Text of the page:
May 16, 2005

SING FOR THE CUTE ONES:

Bird song sheds light on learning (BBC, 5/16/05)

Young canaries happily learn songs that sound nothing like their species, but they revert to a strict canary-like melody as they mature, Science reports.

A US team was surprised to find it could teach juvenile birds a haphazard jumble of computer generated tunes.

However, the birds' impressive flexibility gave way to rigid rules when breeding became a priority.

Paradoxically, months of wayward early learning seems to have little impact on the birds' ability to sing properly.

The scientists hope this puzzling course of events will help them understand how birds develop songs.


Missing the point that it's teaching them about the lack of speciation.

Posted by Orrin Judd at May 16, 2005 7:06 AM
Comments

"Missing the point that it's teaching them about the lack of speciation."

That seems like a vastly unrelated "point" to the article at hand.

Posted by: creeper at May 16, 2005 8:54 AM

You're saying that "speciation" consists in their choice of song?

Posted by: pj at May 16, 2005 9:27 AM

I'm saying that the subject of "speciation" appears to be unrelated to this article.

Posted by: creeper at May 16, 2005 10:07 AM

appears

Posted by: oj at May 16, 2005 10:11 AM

Yes, appears. Since you have no other response, do I take it you don't see how it's all that relevant either?

Posted by: creeper at May 16, 2005 10:14 AM

" a haphazard jumble of computer generated tunes."

Never heard to the Hip-Hop top ten referred to in that way before.

Now if they could get them to whistle "Louie Louie" or the start of "In-a-gadda-da-vida", I'll be impressed.

Posted by: Raoul Ortega at May 16, 2005 11:33 AM

creeper:

Try looking at it without your blinders on--you'll get it.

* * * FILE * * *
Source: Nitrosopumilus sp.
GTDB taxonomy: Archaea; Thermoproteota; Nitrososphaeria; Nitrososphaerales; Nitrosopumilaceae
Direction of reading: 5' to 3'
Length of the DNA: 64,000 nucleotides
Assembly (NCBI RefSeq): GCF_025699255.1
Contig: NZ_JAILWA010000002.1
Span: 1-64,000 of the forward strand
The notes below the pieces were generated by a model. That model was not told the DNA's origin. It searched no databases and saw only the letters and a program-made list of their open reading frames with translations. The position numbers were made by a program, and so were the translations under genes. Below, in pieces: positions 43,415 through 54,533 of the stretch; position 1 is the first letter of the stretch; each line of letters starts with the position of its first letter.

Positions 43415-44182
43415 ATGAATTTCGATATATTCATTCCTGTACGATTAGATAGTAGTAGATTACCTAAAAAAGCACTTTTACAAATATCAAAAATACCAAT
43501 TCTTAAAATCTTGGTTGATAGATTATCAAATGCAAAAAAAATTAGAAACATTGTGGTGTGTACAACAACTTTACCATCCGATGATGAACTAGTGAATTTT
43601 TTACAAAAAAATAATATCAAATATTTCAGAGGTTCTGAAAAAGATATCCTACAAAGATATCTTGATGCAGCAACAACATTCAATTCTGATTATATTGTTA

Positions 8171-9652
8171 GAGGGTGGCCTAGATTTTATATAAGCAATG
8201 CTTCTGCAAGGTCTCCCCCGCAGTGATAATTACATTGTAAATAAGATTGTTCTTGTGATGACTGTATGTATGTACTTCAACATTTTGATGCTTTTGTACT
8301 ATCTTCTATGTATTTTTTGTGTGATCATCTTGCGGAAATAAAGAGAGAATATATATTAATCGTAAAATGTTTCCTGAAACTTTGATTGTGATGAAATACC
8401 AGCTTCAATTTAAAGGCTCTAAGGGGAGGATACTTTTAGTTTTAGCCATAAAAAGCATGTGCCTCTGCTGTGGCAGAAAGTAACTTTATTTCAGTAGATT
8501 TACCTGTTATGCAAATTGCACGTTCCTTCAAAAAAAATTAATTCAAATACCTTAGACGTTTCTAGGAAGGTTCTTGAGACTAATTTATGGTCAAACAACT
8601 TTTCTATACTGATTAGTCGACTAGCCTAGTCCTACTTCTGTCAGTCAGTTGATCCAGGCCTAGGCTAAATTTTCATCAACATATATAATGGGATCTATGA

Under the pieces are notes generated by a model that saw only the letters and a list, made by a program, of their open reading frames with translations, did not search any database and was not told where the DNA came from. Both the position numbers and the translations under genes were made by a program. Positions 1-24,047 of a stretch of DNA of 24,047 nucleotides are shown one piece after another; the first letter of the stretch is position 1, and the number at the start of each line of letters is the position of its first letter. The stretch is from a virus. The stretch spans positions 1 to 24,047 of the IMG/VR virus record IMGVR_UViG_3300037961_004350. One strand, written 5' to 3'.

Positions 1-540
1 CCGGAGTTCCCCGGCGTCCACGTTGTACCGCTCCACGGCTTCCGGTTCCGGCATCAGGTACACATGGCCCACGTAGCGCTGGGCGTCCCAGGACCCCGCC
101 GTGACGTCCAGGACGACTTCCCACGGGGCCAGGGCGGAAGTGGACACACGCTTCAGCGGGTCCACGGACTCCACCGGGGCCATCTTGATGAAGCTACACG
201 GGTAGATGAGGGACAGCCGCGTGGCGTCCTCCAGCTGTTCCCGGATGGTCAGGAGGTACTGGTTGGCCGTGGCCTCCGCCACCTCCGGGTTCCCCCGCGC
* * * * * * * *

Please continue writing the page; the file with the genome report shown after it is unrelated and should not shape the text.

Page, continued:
Posted by: oj at May 16, 2005 12:24 PM

You wouldn't have a point even if they didn't revert to their specific song, but even on your allegedly unblinkered terms your conclusion does not follow.

Given enough time, I could teach you to swing by your arms through the trees, but that wouldn't make you a monkey.

Posted by: Harry Eagar at May 16, 2005 1:46 PM

I thought the point would be how youngsters trained to be PC can acquire more rational opinions as they mature.

Posted by: Joseph Hertzlinger at May 16, 2005 6:55 PM

I could teach you to swing by your arms through the trees, but that wouldn't make you a monkey.

Harry: I thought that was OJ's point.

Posted by: David Cohen at May 16, 2005 7:14 PM

"Try looking at it without your blinders on--you'll get it."

Nice evasion, Orrin, but if you're positing this as some kind of valid dig against the theory of evolution, you'll have to explain yourself. As it stands, this is fairly limp.

Posted by: creeper at May 16, 2005 7:23 PM
"I could teach you to swing by your arms through the trees, but that wouldn't make you a monkey."

"I thought that was OJ's point."

... Lamarckianism?

Posted by: creeper at May 16, 2005 7:42 PM

Orrin is not very coherent when it comes to this subject, but I understand him to believe that all birds are just birds and that the apparent distinctions between, say, an eagle and a penguin are mere distractions.

If so, then the reversion of the bird to its specific song would not reinforce but destroy this assertion.

Posted by: Harry Eagar at May 16, 2005 8:52 PM
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